Jane Eyre And Mr Rochester

Jane Eyre, written in 1847, is a novel written in autobiographical style about
an orphan girl’s quest for love. The novel reflects contemporary life of that
period and everything that happens is seen from Jane Eyre’s, the protagonists
point of view. Although the story reflects the language, customs, and style of
the Victorian period, the elements of mystery, emotions and struggles transcend
time. The emotion of love is universal to all human beings and in not defined by
a period of time. It is written about similarly from century to century. For the
most part, people seek to be loved and to love. In this respect, Jane Eyre does
not differ. Webster’s dictionary defines a relationship as the mutual exchange
between two people who have dealings with one another. It is a common
observation that human beings have a multitude of different types of
relationships with the individuals they deal with. However, these relationships
are further delineated by gender, culture, age, social status, and authority. A
meaningful relationship between a girl and her girlfriends will generally be
different than the relationship of between her and her male peers. Another
characteristic of human relationships is that they are dynamic. Relationships
can change from day to day, season to season and year to year. At some point in
most individuals’ life they will seek a meaningful, romantic relationship
resulting in love, commitment, companionship and happiness. After a somewhat
hard childhood, deprived of affection, security and love, Jane enjoys much
comfort and freedom at Thornfield. However she continues to experience
restlessness and boredom until the arrival of Mr. Rochester. After a quiet,
reserved period, Jane and Mr. Rochester spend many hours in conversation. Jane
becomes alive in his attention, is stimulated by the challenges he offers and is
comfortable in arguing against his opinions. Throughout the first part of the
novel Jane is presented as exhibiting spiritual isolation . However, she seeks
to give and receive love from her surroundings and those in her surroundings. To

Jane love "is the power which sustains life." Mr. Rochester confides to Jane
that he is in despair, believing himself doomed to suffer for his past sins.

Although he tells her of a love he once experienced, the love was jaded. Apart
from this brief confession, the reader is aware that Jane and Mr. Rochester’s
conversations are limited to general conversations regarding philosophy. It is
very evident to the reader in the first part of the novel that a mutual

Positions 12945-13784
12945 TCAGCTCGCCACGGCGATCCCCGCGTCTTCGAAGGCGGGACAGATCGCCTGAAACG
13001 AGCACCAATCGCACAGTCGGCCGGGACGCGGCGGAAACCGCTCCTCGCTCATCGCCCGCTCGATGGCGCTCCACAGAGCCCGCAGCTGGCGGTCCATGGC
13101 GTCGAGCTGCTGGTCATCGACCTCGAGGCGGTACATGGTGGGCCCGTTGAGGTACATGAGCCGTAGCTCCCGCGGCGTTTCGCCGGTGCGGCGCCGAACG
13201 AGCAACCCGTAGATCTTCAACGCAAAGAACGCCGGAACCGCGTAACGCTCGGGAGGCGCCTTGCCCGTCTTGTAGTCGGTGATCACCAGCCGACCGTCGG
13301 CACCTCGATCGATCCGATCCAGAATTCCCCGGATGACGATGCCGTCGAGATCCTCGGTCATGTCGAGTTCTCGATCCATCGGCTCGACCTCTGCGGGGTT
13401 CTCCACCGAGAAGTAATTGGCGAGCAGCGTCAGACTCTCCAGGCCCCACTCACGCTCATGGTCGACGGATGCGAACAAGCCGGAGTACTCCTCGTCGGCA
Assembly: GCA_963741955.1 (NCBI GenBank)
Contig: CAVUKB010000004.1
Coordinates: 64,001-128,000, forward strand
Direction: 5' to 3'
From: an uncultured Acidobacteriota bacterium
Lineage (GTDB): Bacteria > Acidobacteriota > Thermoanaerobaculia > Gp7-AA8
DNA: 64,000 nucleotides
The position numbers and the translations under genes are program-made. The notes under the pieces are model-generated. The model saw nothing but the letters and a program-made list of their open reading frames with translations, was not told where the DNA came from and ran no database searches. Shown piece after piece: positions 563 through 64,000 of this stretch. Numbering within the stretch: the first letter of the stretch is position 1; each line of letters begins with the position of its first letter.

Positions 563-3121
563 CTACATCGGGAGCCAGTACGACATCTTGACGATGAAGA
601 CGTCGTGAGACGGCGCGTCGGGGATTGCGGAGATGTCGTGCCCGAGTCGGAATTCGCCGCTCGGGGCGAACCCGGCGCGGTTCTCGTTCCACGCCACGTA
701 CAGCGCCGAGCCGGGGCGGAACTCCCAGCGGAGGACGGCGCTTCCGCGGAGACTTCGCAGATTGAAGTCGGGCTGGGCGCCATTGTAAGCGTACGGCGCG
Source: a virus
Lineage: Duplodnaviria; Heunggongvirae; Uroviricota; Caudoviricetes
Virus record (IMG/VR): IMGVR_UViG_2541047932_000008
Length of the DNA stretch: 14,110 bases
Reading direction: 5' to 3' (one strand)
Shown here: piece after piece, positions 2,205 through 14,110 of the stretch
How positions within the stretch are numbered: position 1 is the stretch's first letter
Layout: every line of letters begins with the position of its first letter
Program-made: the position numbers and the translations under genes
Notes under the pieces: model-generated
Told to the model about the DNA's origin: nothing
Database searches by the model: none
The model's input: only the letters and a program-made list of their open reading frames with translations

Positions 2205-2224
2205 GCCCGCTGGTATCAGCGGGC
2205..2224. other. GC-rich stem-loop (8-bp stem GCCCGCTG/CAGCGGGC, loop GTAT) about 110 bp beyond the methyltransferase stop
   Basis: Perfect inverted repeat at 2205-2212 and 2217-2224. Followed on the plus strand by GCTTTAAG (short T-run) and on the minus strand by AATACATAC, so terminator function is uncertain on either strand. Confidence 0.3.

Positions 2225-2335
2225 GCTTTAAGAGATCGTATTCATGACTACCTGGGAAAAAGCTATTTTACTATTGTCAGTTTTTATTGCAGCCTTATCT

attraction if felt by both Jane and Mr. Rochester. Although, until they can get
through some obstacles that stand in their way, the attraction the share will
not progress into a meaningful relationship; it will remain static. Jane

Eyre’s experiences with the male species is very limited. There do not appear
to be any significant males in her life prior to her arrival at Thornfield.

Therefore, she has no experience in the art of courting Mr. Rochester. He, on
the other hand, appears to have had at least one meaningful romantic
relationship (with Celine Varens) which he describes and confesses to Jane. The
love relationship ended when Rochester discovered that the woman did not really
love him, but loved his money and status. Furthermore, Rochester, from Jane’s
point of view, is being pursued by Blanche Ingram. At one point he suggests to

Jane that he may be marrying Blanche Ingram. The reader, given Jane’s
analytical observations, feels that Mr. Rochester is trying to get Jane to
reveal her feelings for him. However, Jane with her limited experience regarding
males and courtship does not see this. What is holding back the progression of
the relationship is pride and fear of rejected love. We know that Mr. Rochester
is intelligent, proud, and cynical. He hopes that Jane will understand his true
feelings about her and even goes to the extreme of dressing up as a gypsy in
order to find out if Jane really does love him. However, Jane does not see
through the deeper meaning of this deception and tells him very little of her
feelings. Once again, it is her pride that stops her. Many people would classify
this as a situation of "you tell me first." As Rochester is more
experienced, is of higher social status, and in a superior position, he should
overcome his pride and reveal his feelings for Jane. Jane could do more to
reveal some of her feelings towards Rochester, however she is left with the
impression that he will marry Blanche Ingram. They will be in a predicament
until one of them overcomes